Fri 12/6, 12-1pm, in BA3201
There will be no office hours the week before the exam (Dec 9-13) as TAs are away attending the NeurIPS conference. Please ask your questions on Piazza.

Here is the Fall 2018 final, for practice. (This one was a bit on the hard side. Question 4 was not covered this year.)

Lectures

Here is a tentative schedule, which will likely change as the course goes on.

Suggested readings are just that: resources we recommend to help you understand the course material. They are not required, i.e. you are only responsible for the material covered in lecture.

ESL = The Elements of Statistical Learning, by Hastie, Tibshirani, and Friedman.
MacKay = Information Theory, Inference, and Learning Algorithms, by David MacKay.
Barber = Bayesian Reasoning and Machine Learning, by David Barber.
Bishop = Pattern Recognition and Machine Learning, by Chris Bishop.
Sutton and Barto = Reinforcement Learning: An Introduction, by Sutton and Barto.
Goodfellow = Deep Learning, by Goodfellow, Bengio, and Courville.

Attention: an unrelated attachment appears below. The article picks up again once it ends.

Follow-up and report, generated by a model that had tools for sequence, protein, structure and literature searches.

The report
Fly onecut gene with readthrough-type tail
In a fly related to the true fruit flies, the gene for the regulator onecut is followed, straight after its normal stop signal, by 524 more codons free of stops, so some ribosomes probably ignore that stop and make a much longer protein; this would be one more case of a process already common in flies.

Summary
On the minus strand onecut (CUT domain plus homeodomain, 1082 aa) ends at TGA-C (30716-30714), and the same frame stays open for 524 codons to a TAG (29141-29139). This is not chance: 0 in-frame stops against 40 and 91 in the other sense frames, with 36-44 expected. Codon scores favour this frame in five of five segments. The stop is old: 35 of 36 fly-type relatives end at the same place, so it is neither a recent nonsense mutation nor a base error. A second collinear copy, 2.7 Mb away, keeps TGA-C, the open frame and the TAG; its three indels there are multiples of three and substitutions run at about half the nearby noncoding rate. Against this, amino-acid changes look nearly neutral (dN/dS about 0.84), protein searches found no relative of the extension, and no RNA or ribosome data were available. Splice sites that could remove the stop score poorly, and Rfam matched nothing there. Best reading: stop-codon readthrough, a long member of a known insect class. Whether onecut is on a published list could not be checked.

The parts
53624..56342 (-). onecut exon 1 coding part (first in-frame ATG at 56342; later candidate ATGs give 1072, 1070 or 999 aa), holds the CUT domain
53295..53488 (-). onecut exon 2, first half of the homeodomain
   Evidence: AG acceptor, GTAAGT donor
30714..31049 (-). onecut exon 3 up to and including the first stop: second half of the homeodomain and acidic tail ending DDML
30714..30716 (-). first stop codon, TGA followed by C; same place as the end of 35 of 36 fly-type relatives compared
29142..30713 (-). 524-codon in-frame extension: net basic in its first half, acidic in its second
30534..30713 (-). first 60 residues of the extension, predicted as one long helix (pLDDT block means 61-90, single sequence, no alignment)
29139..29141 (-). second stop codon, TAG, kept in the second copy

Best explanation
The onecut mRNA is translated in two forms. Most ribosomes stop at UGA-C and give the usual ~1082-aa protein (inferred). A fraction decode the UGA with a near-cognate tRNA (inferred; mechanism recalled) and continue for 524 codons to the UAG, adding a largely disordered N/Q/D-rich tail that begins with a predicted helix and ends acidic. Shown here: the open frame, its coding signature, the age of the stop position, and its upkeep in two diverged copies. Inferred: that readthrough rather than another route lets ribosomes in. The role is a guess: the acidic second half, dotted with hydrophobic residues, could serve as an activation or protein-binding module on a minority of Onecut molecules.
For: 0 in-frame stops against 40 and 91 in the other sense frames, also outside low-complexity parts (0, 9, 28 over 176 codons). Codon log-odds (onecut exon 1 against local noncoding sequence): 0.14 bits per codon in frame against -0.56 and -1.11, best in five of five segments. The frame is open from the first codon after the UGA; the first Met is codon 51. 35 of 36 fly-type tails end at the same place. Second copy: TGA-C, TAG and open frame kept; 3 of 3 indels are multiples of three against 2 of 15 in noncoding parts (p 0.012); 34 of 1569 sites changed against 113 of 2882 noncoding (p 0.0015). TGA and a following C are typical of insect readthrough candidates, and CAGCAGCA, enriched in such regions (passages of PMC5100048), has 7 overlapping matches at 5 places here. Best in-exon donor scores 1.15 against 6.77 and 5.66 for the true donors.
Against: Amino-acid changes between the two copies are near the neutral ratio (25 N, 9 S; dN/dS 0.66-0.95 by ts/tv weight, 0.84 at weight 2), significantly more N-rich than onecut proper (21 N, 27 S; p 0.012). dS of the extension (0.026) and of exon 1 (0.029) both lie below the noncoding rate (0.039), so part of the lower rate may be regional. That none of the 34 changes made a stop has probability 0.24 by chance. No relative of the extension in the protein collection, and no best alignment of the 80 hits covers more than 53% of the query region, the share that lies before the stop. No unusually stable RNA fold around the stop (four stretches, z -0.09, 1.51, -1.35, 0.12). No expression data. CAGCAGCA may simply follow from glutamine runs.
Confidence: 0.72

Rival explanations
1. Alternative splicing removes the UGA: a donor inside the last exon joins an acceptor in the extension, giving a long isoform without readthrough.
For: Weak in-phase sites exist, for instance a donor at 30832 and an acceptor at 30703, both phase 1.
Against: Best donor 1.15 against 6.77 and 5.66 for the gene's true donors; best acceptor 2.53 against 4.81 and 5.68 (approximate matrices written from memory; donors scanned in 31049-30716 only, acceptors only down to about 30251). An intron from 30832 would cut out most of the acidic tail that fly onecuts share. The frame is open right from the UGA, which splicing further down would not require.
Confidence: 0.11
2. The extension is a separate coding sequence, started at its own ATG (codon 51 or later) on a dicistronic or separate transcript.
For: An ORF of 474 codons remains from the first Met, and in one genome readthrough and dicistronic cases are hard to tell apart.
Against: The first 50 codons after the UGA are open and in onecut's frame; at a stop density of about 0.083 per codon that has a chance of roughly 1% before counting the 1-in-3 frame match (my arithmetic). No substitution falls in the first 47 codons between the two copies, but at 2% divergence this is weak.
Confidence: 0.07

Topic(s) Dates Slides Suggested Readings Lecture 1 Introduction Nearest Neighbours 9/11, 9/12 [Slides] ESL: Chapters 1, 2.1-2.3, and 2.5 Metacademy: K nearest neighbors Lecture 2 Decision Trees Ensembles 9/18, 9/19 [Slides] ESL: 9.2, 2.9, 8.7, 15 Metacademy: decision trees, entropy, mutual information, bias/variance decomposition, bagging, random forests Lecture 3 Linear Regression Linear Classifiers 9/25, 9/26 [Slides] Bishop: 3.1, 4.1, 4.3 Course notes: linear regression, linear classifiers Metacademy: linear regression, closed-form solution, gradient descent, ridge regression Lecture 4 Softmax Regression SVMs Boosting 10/2, 10/3 [Slides] Bishop: 7.1, 14.3 Course notes: logistic regression, optimization, SVMs and boosting Lecture 5 Neural Networks 10/9, 10/10 [Slides] Bishop: 5.1-5.3 Course notes: multilayer perceptrons, backprop Lecture 6 Convolutional Networks 10/16, 10/17 [Slides] Course Notes: conv nets, image classification Goodfellow, sections 9.1-9.5 Lecture 7 PCA K-Means Maximum Likelihood 10/23, 10/24 [Slides] Bishop: 12.1, 9.1 Lecture 8 Probabilistic Models 10/30, 10/31 [Slides] Bishop: 2.1-2.3, 4.2 MacKay: chapters 21, 23, 24 Course notes: probabilistic models Lecture 9 Expectation-Maximization 11/6, 11/7 [Slides] Bishop: 9.2-9.4 Barber: 20.1-20.3 Course notes: mixture models Lecture 10 Reinforcement Learning 11/13, 11/14 [Slides] Sutton and Barto: 3, 4.1, 4.4, 6.1-6.5 Lecture 11 Differential Privacy 11/20, 11/21 [Slides] Dwork and Roth, 2014. The Algorithmic Foundations of Differential Privacy. Chapters 2, 3.1-3.5. Lecture 12 Algorithmic Fairness 11/27, 11/28 [Slides] Barocas, Hardt, and Narayanan. Fairness and Machine Learning. Chapters 1 and 2. Zemel et al., 2013. Learning fair representations. Louizos et al., 2015. The variational fair autoencoder. Hardt et al., 2016. Equality of opportunity in supervised learning.